tence of the eternal castigations of Tartarus — I <i>-scend to a corollary from it. The text heiog iu the singular number 'a mortal error'(nostra colpa ) appears to some to be a demand, whether it be possible that a single error can merit such varieties of ever-lasting torment? Infinite woe can only be made for infinite crime. This is certain. After this, it is superfluous to distinguish between singular and plural. Of degrees in infinitude we can have no idea. According to human comprehension , we can scarcely avoid assenting to the position of the Stoics, that all crimes are equal; except by doing, what seems to me much wiser,

confessing we know nothing of the matter. It

may be practically useful to pronounce on the extent of any guilt from what we see of it; on

such appearances the legislator must act the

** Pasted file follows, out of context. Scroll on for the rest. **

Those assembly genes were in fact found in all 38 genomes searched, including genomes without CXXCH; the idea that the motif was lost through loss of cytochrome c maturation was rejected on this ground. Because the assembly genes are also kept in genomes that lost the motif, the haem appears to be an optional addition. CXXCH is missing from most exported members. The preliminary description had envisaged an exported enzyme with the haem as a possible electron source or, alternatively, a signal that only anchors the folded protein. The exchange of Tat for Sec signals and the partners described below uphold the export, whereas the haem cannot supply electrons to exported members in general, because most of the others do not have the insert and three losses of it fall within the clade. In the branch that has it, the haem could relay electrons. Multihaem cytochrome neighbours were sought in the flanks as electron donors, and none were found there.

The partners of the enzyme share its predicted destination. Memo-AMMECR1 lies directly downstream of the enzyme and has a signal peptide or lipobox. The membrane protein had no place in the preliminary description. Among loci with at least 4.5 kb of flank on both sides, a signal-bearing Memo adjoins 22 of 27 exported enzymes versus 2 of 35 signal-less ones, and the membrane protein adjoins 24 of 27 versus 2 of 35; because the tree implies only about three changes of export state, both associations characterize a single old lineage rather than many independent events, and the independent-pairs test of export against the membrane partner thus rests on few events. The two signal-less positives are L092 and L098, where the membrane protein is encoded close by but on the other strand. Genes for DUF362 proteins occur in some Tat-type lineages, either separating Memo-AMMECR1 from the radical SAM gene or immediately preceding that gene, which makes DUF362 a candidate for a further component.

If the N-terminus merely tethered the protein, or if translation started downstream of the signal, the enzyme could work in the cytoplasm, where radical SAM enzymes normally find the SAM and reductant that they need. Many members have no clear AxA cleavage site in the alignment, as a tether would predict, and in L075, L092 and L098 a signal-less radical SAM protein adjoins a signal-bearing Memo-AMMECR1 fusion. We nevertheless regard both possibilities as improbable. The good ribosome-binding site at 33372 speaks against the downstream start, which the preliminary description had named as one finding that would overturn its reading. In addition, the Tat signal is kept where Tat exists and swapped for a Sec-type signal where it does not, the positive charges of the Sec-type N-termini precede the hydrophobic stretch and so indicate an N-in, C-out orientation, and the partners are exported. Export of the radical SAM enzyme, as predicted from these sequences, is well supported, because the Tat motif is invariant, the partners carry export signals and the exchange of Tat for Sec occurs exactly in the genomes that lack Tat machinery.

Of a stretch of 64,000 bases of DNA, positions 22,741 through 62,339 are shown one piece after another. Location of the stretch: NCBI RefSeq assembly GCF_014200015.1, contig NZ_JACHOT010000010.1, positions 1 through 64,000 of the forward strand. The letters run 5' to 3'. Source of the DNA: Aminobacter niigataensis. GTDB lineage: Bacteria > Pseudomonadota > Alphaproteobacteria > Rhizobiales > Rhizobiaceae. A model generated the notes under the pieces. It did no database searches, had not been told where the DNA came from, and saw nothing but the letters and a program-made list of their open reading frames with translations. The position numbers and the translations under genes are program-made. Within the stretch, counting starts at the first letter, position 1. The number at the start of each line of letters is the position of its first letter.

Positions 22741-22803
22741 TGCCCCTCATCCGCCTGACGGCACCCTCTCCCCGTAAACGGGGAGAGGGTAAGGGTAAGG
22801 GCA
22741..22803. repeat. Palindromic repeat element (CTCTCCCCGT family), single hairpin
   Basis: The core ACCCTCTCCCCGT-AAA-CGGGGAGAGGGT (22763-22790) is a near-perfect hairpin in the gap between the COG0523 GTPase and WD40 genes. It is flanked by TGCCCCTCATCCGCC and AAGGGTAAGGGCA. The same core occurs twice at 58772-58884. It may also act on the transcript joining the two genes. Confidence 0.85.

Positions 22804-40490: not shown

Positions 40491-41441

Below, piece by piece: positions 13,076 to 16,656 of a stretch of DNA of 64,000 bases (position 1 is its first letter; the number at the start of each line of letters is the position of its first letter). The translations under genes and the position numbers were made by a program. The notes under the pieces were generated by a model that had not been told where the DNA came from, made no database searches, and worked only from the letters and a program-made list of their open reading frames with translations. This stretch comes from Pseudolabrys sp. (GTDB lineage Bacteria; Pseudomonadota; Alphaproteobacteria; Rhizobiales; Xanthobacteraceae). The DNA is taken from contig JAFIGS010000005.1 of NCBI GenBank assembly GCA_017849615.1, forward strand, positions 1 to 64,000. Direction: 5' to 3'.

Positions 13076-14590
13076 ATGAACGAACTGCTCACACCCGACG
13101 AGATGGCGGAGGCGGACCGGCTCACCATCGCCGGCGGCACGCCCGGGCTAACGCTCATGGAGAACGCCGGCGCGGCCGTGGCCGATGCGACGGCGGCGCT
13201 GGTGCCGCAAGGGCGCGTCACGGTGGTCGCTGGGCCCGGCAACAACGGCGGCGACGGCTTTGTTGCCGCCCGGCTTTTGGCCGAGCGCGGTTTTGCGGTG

temporal by the infliction of temporal punishments, the spiritual by the threat of future ones; but theoretically, few things lead to greater confusion in reasoning. It is the invisible mind that makes the sin, not the visible act. Rut since the act of the mind precedes the visible act, the entire guilt is equally incurred, whether it be indicated by any act visible to us, or not: still more does it follow, that if the entire guilt may exist previous to any visible act, it may previous to several. The eye of Him who is to judge immaterial creatures has no need of material acts. It reads the spirit, and may or may not permit good or evil to be re